If someone were to ask you if the church you attend is friendly, I imagine that you as most others would answer, Sure! I mean, were friendly, arent we? We shake hands, we know folks, we pray for each other, we give the visitors special parking and a little sticker to put on their lapel. Doesnt that qualify as friendly?
As a transplant to true Southern culture (not to be confused with the culture of South Florida where I previously lived), I have found that we often confuse being friendly with being a friend.
In our minds, perhaps. We aim to be friendly. We feel friendly. We even want to be friendly. But probably, in too many churches, guests feel like outsiders in spite of our intentions.
When you consider how much effort is spent trying to get people to come into the church, youd think that wed be a little more mindful of how we treat them once they do drop in for a visit. We advertise, promote, invite and even bribe people to come visit our church, yet there is growing evidence that we are putting our attention in the wrong place.
Studies have shown that the single most important factor in predicting whether a church will grow is not the number of visitors that come through the doors; it is the percentage of them that stick around. It is the Velcro Factor; not the Magnet Factor.
Research indicates that there is very little difference between growing churches and churches that are at a plateau with respect to the Magnet Factor. Both growing churches and stagnant churches have visitors. Both have around 3% - 5% visiting. This is plenty of visitors to meet, evangelize, disciple and get to know. The big difference between growing churches and flat-lined churches is that in growing churches, the visitors stick around. Growing churches are sticky. This is the single most important factor in predicting the growth of a church The Velcro Factor.
The single most important factor in predicting the Velcro factor is the Attention Factor - how much personal attention we pay to visitors. The single best way to pay attention to visitors is to see that someone - and hopefully several someones - invite visitors to lunch, pizza or an evening of fellowship. The single most important factor in predicting whether people invite visitors to lunch is the example of the leadership (pastor, staff, deacons, teachers, disciplers, class officers, …).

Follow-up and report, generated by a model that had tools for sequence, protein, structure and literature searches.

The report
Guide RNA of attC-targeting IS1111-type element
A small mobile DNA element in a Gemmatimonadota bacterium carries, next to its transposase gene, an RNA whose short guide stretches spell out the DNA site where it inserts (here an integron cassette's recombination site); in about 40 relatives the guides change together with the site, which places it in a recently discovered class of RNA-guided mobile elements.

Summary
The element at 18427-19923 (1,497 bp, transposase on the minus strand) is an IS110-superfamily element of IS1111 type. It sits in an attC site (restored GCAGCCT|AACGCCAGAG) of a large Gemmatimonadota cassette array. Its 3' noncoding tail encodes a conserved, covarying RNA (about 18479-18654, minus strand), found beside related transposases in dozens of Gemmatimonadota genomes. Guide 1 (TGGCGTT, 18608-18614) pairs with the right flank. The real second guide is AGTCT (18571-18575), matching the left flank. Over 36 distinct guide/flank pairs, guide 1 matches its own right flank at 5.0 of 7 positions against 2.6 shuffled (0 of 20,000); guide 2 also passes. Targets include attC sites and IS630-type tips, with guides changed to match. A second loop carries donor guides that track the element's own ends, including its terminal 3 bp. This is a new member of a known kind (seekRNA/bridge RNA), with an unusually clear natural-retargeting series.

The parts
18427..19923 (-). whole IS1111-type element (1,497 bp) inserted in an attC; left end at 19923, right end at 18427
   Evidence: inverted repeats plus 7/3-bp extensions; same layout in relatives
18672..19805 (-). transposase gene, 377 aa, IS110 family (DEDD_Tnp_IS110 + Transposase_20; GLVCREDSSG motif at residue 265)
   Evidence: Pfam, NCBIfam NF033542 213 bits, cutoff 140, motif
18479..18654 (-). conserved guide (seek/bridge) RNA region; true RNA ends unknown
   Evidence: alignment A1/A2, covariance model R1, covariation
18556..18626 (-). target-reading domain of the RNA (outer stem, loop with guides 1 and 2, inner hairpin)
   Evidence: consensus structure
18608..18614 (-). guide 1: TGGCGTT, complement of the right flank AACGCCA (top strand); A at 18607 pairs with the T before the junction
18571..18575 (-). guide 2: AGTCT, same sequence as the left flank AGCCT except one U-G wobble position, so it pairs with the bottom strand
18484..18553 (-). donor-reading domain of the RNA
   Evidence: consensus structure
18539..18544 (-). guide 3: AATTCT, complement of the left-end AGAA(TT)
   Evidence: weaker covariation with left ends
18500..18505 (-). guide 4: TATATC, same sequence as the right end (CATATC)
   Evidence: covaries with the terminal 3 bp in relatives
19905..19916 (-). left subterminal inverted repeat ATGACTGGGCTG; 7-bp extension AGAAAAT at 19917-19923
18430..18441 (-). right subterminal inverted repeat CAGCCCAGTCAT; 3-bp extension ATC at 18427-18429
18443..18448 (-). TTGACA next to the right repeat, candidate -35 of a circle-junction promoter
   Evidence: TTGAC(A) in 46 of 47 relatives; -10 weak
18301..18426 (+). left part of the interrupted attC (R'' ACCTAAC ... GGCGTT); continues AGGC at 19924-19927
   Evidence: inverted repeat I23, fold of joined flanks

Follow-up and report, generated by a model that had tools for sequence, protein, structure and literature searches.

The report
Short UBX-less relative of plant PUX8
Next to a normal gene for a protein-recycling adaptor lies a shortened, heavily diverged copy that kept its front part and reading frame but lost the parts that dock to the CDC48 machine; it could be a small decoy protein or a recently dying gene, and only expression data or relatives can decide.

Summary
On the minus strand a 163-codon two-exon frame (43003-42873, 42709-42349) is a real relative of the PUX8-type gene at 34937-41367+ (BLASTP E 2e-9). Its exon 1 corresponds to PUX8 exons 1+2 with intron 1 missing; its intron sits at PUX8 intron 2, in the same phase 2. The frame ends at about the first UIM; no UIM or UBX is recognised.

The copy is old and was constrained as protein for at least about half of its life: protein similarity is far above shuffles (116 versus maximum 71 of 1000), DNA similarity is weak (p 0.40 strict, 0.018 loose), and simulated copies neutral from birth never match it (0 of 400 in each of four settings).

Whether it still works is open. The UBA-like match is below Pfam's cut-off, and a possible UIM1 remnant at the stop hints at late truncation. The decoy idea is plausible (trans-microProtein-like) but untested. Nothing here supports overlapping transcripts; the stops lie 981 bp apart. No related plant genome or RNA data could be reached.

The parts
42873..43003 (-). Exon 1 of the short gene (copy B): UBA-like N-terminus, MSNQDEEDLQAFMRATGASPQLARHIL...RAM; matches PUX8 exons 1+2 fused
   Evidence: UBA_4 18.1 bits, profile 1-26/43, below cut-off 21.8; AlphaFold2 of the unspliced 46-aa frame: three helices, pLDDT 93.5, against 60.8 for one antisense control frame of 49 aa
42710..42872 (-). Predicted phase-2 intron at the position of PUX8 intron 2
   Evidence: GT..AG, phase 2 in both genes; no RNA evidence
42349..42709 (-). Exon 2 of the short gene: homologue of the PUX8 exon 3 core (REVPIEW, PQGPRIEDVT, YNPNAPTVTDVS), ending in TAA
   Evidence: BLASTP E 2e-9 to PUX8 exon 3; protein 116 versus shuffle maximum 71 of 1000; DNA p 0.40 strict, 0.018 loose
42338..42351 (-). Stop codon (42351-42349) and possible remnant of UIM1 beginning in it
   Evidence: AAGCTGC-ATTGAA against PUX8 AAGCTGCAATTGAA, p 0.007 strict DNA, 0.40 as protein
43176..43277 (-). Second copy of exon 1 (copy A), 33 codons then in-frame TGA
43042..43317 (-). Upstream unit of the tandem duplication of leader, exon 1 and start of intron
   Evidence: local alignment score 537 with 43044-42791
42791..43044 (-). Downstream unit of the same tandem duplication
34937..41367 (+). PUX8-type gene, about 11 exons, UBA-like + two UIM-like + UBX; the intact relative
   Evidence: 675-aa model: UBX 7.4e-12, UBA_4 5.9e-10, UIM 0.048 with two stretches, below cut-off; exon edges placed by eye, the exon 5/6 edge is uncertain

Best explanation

Now keep in mind that in many cases we might even be dealing with folks who do not have a relationship with Christ. Perhaps they came as a result of a special invitation from someone, maybe they are going through a crisis in their life, maybe there was a special speaker or even that drew them into your church. In these cases, building a relationship wherein we can communicate the Gospel of Christ is of utmost importance.
Few people will stumble into a church, hear a gospel sermon and find themselves at an altar repenting of their sins and accepting Gods grace for eternal life. In todays culture, people are often cynical or at least inquisitive. The idea of quickie conversions that largely consist of an emotional response to a manipulative message and crowned with a repeat-after-me prayer is as ludicrous as it is unscriptural. Indeed, some conversions are faster than others we must not take shortcuts to teaching the full message of the gospel to those being called by the Holy Spirit to salvation.
Part of communicating the gospel is establishing a relationship, ascertaining ones spiritual need and patiently answering questions and explaining Truth. This means we need people skills and a spirit of hospitality. Thats why Paul reminded us that we are Ambassadors of Christ Jesus our demeanor, our attitude, our love for people are all used by the Lord as He draws people to Himself.
Perhaps this is why Paul noted that hospitality is to be a qualification for leadership in the Christian church: Church leaders must “be given to hospitality.” Titus 1:7-8
We must not only have guests in our home or take them to lunch or invite them to an event with us, but we should enjoy it. It is the most important thing. If we do that, we can lead others to do so. If we do that, we can enjoy a healthy Velcro Factor and see plenty of visitors join, many of them accepting God’s love for them for the first time.
Since beginning to think about this, Ive watched the behavior in my own church not just our members, but my own. Often, it is easy to spot a new face and go up and welcome them warmly, shake their hand and ask them how they are doing. But then, we tend to move quickly on to more familiar territory where conversations are conducted and continued. Hugs are exchanged. Plans are made.
As a pastor, Ive rarely experienced what it is like to attend a church as an outsider for the first time. Im either in my role as a pastor or Im an invited guest to speak. I recall visiting in a large church in Greenville, South Carolina a few years ago with a black friend and noting the underlying racial tension that existed in what was an all-white congregation. I can remember wanting to bolt from the door feeling out of place and uncomfortable.
Im committing to becoming more hospitable to those around me. Whether it is toward the waitress at the restaurant that waits on me regularly or the family thats just moved to town and are looking for a church (and a doctor and a barber and the right grocery store), I want to go beyond being friendly and genuinely be a friend. Somehow I think if I change my focus on what is really friendly behavior Ill be able to point them to Christ and His family with greater ease and success.